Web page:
Alabama football has 14 straight wins in Atlanta. Can Miami find an area of weakness? | Hurt
Millions of people around the Southeast have to visit Atlanta periodically to take care of business.
None has been treated more hospitably than the Alabama football team. Calling Atlanta a “home away from home” might be taking things a step too far but, since the memorable SEC Championship Game loss in December 2008, Alabama has won 14 games in a row there.
Even the 2008 season had its Atlanta moment in a season opener that changed the trajectory of the Crimson Tide and Clemson as well. Since the Florida loss, there have been memorable wins of every sort in whatever dome the city chooses to build. There have been season-opening routs (has Florida State ever recovered?) and SEC championship classics, including last season’s. There have been College Football semifinals wins and national championships, of which no one in Georgia appreciates being reminded.
Even the loss in 2008 was a benchmark, if only for the personalities involved, many of whom still resonate in headlines today: Nick Saban and Urban Meyer, Tim Tebow and Julio Jones, Kirby Smart and Dan Mullen. Kanye West might be the surprise name of 2021, although he seems to have moved out of the Mercedes Dome a couple of weeks ago.
Will the Alabama-Miami game find a similar place in history? Alabama probably hopes not, since the most historic thing that could happen would be a Hurricanes upset. Short of that, the biggest story will be the forging of a new Crimson Tide team, one that isn’t entirely without carryover from last season but one that looks new nevertheless.
A new quarterback tends to do that. So does a new offensive coordinator. So does a closely-watched young defense.
The main question there is not whether this will be Alabama’s “greatest” defense. Even if it is, you could never prove it statistically, the game having evolved so much even in the last five years. The question is whether that evolution has been so great that no team can rely on its defense to win games, only to carry water for the offenses that have to perform.
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Ultimately, that makes it a quarterback’s world, and that’s where Miami, logically, will attack.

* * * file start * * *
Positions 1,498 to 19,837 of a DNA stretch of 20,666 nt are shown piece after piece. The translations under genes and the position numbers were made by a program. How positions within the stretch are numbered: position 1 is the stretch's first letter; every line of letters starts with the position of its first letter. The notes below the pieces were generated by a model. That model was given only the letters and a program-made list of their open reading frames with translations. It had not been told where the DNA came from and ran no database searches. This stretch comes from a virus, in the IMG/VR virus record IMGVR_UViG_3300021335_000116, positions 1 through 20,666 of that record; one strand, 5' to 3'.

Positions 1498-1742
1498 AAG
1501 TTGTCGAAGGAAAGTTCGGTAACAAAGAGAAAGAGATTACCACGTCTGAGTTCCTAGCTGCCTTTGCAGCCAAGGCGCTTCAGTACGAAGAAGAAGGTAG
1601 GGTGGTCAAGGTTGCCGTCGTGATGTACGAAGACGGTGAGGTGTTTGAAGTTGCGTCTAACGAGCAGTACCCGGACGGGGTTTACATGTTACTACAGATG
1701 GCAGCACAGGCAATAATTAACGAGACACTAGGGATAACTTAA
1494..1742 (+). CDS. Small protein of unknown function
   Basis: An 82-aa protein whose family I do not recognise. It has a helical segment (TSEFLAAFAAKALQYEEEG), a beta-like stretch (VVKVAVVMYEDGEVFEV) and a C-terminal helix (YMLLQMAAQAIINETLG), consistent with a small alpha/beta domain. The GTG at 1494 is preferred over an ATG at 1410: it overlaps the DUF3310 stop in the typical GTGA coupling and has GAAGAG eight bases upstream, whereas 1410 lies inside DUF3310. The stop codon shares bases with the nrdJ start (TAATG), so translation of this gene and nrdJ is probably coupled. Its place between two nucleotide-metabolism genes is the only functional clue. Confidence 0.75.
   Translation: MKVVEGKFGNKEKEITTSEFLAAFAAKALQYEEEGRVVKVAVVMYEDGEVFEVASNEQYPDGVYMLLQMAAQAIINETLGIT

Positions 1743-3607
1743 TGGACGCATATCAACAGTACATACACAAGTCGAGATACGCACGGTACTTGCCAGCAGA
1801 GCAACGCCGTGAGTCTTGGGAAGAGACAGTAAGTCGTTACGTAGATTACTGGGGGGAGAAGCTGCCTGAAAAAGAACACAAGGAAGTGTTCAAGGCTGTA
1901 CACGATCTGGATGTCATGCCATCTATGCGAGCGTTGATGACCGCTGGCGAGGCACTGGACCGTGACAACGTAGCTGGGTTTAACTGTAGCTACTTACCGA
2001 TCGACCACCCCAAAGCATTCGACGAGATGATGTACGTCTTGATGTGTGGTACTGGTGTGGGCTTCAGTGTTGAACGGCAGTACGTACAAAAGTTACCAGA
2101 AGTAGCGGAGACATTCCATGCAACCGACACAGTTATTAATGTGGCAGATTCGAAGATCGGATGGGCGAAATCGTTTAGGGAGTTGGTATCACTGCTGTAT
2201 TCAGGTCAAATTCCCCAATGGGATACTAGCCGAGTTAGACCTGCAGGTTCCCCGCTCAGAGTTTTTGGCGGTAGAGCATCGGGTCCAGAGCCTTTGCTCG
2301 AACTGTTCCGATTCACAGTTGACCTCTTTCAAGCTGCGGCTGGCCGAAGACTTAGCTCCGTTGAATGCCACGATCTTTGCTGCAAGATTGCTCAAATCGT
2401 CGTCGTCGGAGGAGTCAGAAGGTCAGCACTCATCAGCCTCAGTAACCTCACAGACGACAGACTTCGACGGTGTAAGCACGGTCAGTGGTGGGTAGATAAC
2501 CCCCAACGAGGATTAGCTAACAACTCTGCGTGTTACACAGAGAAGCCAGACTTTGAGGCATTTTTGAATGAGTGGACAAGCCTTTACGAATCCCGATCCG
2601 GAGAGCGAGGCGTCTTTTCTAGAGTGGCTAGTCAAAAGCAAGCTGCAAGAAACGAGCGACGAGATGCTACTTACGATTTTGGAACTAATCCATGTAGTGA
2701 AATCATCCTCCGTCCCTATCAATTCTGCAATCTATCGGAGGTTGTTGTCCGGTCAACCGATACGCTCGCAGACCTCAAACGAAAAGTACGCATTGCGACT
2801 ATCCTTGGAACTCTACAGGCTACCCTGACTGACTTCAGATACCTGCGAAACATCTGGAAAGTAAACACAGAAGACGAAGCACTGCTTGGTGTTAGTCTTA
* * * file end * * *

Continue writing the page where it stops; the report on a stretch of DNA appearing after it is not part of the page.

“The key with defending any young quarterback is how do you do against the run game?” Hurricanes coach Manny Diaz said earlier this week when asked about Alabama first-time starter Bryce Young. “It is easy for the quarterback to turn around and hand the ball off. We have to make it hard for them to run the football on us, and to that point you have to get a quarterback off his first look. Ultimately, it is about finding a way to make that quarterback go through his progressions and see if he can do it.”
There is, of course, a larger question. Diaz isn’t concerned with dynasty-breaking, only finding a way to be one point better than Alabama over 60 minutes. But from a broader perspective, has Alabama built such a strong foundation that it can’t be toppled in the long run?
There have been dynasties. Miami has had a couple, one in the 1980s that Alabama, ironically, more or less ended in 1992 and another, built on mind-boggling talent at the end of the 1990s until around 2001.
There have been others, familiar names that range from the previous Bryant-era Alabama to Florida, USC to Notre Dame to Florida State, none as powerful as Alabama’s current run but all dominant for a time.
The end for all of them came internally. Coaches grew older or moved on. The details were lost, in large part due to complacency bred by success.
That’s why Saban endlessly harps on details. It’s why he doesn’t necessarily mind staff turnover that brings fresh ideas. Those are macro-level concerns, but for over a decade now, Atlanta has been the place to look for them.
Reach Cecil Hurt at firstname.lastname@example.org or via Twitter @cecilhurt